The March 4 National Library of Israel event kicked off the USC Shoah Foundation’s four-day Israel Solidarity Mission designed to foster collaboration in the fight against antisemitism. The mission also includes meetings with Israel President Isaac Herzog, a visit to the Yad Vashem Holocaust memorial, and conversations with Oct. 7 survivors and hostage families, as well as visits to sites of Oct. 7 mass atrocities in southern Israel.

In the past five months, the USC Shoah Foundation has gathered more than 400 testimonies of Oct. 7 survivors and eyewitnesses. The National Library of Israel, which opened its new building in the shadow of the war on Oct. 29, will serve as a central repository cataloging Oct. 7 testimonies collected by the USC Shoah Foundation and other organizations.

“Our collective work will represent the most comprehensive archival effort to chronicle antisemitic violence,” said Williams. “Researchers and storytellers—now and in the future—can turn to these archives as an irrefutable, publicly available resource to rely on in the ongoing fight against antisemitism.”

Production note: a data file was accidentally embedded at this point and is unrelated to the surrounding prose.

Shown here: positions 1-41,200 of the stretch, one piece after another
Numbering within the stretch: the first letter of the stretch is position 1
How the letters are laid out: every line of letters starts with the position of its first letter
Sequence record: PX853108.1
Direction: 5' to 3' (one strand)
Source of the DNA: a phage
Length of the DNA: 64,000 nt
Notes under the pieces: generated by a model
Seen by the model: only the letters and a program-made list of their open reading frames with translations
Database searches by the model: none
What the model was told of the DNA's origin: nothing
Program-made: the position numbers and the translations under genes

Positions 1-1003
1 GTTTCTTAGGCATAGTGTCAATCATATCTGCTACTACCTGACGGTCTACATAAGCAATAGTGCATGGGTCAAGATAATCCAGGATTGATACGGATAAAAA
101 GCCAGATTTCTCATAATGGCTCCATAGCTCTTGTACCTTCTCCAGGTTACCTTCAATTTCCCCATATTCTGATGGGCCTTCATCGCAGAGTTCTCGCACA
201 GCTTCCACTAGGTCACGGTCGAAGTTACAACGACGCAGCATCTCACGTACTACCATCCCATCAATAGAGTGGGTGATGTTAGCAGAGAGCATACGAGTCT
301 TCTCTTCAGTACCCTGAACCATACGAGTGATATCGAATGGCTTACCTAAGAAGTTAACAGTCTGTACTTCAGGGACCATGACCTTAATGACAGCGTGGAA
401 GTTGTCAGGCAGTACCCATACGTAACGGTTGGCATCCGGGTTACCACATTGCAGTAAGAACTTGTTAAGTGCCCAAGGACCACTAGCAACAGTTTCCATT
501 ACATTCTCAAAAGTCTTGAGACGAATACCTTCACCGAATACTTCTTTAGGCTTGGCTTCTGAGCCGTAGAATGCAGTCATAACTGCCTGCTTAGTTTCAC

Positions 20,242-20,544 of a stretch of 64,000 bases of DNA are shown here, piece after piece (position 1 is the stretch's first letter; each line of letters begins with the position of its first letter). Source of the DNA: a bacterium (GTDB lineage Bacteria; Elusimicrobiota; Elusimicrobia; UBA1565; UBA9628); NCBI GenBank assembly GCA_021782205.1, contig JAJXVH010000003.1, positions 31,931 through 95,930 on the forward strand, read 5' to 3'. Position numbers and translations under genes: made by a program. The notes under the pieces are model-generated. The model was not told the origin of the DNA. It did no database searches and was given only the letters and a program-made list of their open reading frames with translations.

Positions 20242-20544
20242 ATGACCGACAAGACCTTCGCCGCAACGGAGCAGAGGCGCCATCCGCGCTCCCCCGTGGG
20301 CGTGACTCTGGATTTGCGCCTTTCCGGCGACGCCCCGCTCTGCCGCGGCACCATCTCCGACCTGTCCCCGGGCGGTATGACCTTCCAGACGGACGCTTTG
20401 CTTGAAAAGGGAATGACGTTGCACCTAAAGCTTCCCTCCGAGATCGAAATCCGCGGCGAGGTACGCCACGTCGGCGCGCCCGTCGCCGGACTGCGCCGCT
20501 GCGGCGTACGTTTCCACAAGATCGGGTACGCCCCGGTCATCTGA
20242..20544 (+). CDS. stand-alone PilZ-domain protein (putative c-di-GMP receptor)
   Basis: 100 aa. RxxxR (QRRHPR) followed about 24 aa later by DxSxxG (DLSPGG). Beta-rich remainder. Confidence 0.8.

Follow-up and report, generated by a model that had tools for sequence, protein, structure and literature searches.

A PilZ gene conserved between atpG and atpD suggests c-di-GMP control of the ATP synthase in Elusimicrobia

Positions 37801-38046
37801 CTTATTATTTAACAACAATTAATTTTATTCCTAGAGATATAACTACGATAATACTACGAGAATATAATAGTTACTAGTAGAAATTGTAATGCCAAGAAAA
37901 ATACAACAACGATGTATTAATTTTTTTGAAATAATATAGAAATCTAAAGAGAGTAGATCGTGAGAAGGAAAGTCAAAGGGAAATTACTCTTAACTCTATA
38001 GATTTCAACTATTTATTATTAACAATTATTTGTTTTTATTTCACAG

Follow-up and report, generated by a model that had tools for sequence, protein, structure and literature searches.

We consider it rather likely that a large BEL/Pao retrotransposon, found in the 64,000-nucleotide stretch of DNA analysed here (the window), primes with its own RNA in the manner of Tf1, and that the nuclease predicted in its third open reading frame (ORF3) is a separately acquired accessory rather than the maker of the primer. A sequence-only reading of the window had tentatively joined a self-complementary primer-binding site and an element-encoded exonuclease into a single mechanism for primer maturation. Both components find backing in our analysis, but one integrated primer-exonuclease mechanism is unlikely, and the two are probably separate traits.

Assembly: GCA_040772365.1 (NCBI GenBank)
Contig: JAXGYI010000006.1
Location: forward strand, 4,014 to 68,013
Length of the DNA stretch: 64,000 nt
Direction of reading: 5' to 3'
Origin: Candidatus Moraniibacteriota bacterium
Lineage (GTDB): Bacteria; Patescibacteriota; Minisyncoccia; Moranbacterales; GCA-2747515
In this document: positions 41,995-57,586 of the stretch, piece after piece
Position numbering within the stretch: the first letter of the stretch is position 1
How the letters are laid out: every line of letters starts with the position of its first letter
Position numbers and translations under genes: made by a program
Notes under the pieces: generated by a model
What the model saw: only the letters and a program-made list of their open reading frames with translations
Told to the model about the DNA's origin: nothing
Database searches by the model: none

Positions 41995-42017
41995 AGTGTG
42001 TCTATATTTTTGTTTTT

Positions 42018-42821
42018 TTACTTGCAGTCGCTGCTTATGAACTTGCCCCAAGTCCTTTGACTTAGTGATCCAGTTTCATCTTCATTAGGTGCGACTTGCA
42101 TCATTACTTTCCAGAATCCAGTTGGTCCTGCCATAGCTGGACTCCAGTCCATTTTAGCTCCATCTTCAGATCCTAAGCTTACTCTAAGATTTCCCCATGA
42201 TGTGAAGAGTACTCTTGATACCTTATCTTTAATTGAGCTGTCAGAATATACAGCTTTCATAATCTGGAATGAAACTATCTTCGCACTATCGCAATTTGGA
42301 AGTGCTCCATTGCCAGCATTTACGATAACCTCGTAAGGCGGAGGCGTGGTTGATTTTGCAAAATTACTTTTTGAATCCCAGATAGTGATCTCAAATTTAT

For more information, visit: www.nli.org.il/en/research-and-teach/holocaust-research.

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The National Library of Israel (NLI) is the dynamic institution of national memory for the Jewish people worldwide and Israelis of all backgrounds and faiths. As Israel's pre-eminent research library, NLI collections include the world's largest collection of textual Judaica, as well as world-class collections of Jewish and Islamic manuscripts, ancient maps, rare books, photographs, communal and personal archives, and more. NLI encourages diverse audiences in Israel and around the globe to engage with its treasures via innovative educational, cultural and digital initiatives, as well through a new landmark building that reflects NLI's core values of democratizing knowledge, and opening its resources to the broadest audience possible. For more information: www.nli.org.il/en
Our core purpose is to give opportunity to survivors and witnesses to the Shoah—the genocide of the Jews—to tell their own stories in their own words in audio-visual interviews, preserve their testimonies, and make them accessible for research, education, and outreach for the betterment of humankind in perpetuity.